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Some residents of new Woodward’s site not too happy to move in

April 1st, 2009 · 5 Comments

As the city prepares for a little Woodward’s opening ceremony tomorrow, the word has gone around at 12th and Main that the lucky departments being considered for a transfer into the city’s space at Woodward’s are cultural planning, social planning and housing.

That’s not sitting too well with many of them (about 35 people in all), who feel like they’ll be cut off from city hall (where they spend much of their time attending meetings anyway) and it won’t particularly benefit the Downtown Eastside, since their departments aren’t exactly storefront operations where local residents will have a counter to belly up to to offer their opinions on the housing, culture and social planning issues of the day. So it won’t help mitigate in any way local advocates’ fears that they’re just being targeted for gentrification, either directly or indirectly, by the city.

Says one unnamed and unhappy staffer, who says the deal has been worked out internally and not gone to council yet: “We assume the politicians are not really aware of how strange a move this will be. It’s one of those short-term solutions with long-term bad consequences.”

Of course, it’s a far cry from what architect Peter Busby suggested as a way of revitalizing the Downtown Eastside several year ago, when he proposed that most of city staff be moved to the new Woodward’s building. That would really boost local businesses and bring life to the area, he said. (We see what they’ve done for Cambie and Broadway.)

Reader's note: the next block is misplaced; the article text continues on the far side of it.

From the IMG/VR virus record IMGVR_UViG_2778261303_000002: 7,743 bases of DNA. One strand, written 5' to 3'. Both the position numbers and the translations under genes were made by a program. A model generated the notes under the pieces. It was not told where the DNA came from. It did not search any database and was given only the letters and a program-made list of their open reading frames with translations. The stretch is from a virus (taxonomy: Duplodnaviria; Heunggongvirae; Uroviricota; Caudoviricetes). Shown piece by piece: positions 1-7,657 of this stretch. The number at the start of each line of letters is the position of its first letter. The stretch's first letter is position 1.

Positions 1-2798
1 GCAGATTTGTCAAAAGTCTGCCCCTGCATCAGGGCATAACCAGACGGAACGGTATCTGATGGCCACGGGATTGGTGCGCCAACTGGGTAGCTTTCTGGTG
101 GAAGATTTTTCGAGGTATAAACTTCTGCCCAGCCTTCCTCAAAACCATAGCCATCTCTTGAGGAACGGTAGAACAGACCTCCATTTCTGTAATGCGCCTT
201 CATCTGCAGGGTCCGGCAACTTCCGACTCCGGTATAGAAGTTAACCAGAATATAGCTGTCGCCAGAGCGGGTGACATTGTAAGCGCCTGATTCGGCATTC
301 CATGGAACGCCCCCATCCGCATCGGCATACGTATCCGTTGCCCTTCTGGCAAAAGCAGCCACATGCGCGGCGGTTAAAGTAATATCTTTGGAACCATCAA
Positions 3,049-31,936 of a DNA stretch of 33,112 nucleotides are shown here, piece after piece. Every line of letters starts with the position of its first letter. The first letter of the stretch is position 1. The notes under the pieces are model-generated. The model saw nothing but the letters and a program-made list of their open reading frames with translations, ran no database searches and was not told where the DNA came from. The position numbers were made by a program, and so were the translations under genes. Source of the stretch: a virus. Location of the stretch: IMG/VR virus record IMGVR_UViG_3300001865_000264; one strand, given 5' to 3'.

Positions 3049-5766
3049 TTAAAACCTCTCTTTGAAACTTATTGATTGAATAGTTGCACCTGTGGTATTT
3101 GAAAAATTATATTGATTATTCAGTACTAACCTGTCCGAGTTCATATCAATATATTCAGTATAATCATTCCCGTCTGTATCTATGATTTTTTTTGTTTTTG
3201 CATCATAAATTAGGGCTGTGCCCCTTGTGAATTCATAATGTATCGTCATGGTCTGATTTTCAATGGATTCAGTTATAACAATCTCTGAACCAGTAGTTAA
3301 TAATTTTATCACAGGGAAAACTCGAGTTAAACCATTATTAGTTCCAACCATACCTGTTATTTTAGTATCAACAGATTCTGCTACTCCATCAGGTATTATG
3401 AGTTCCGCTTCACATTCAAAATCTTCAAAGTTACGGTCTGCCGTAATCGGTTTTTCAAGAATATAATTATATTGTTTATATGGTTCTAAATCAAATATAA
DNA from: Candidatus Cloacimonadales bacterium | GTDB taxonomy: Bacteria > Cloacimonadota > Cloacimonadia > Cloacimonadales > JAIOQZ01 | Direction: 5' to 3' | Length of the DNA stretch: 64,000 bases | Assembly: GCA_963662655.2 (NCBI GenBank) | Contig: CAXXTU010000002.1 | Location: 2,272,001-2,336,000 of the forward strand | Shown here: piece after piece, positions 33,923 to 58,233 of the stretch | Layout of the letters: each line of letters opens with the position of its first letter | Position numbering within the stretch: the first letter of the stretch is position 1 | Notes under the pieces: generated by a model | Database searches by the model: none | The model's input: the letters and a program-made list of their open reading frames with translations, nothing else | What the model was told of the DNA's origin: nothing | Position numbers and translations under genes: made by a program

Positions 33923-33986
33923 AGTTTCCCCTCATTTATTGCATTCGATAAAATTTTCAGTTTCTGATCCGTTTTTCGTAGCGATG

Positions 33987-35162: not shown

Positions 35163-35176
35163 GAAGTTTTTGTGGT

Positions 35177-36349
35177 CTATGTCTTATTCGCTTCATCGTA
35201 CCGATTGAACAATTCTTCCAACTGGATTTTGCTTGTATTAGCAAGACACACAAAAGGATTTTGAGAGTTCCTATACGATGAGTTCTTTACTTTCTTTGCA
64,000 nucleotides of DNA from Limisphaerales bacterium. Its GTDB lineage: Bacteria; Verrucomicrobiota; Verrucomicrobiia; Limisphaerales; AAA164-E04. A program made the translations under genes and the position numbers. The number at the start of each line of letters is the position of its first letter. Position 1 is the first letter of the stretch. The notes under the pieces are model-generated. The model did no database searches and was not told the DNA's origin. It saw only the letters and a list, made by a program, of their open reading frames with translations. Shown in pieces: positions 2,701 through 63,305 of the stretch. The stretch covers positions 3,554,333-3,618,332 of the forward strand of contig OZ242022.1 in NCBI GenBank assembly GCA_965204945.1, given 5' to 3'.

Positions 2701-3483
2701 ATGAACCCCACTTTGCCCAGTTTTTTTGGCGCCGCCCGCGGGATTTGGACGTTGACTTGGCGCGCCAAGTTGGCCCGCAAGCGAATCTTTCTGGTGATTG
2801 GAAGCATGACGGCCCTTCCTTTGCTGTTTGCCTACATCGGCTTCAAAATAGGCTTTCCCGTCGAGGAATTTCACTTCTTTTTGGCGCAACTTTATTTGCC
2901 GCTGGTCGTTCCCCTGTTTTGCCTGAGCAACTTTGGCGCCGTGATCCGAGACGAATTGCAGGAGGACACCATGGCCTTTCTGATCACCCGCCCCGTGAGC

While some people think this is a move to fill up space that couldn’t be rented, in fact the city made a commitment to putting staff in the building a couple of years ago after it put pressure on the federal government to move some people in. (Feds say yes, if you match us — just like they do with money!)

It just wasn’t clear at the time who was actually going to be shuffled over there. But since leases at City Centre were coming up for the housing/cultural/social planning people, they became the natural candidates.

On a related note, some people had expressed doubt that engineering is really going to be moving into the new Crossroads site that Lululemon bailed on. It looks to me like that’s actually going ahead, since if you look at the city’s purchasing section on the website, it has recently posted a request to provide office furniture for 85,000 square feet of space there. Unless that all ends up being taken over for the new city manager’s office (joke, people), it seems like a guarantee that engineering is moving.

Categories: City Hall Talk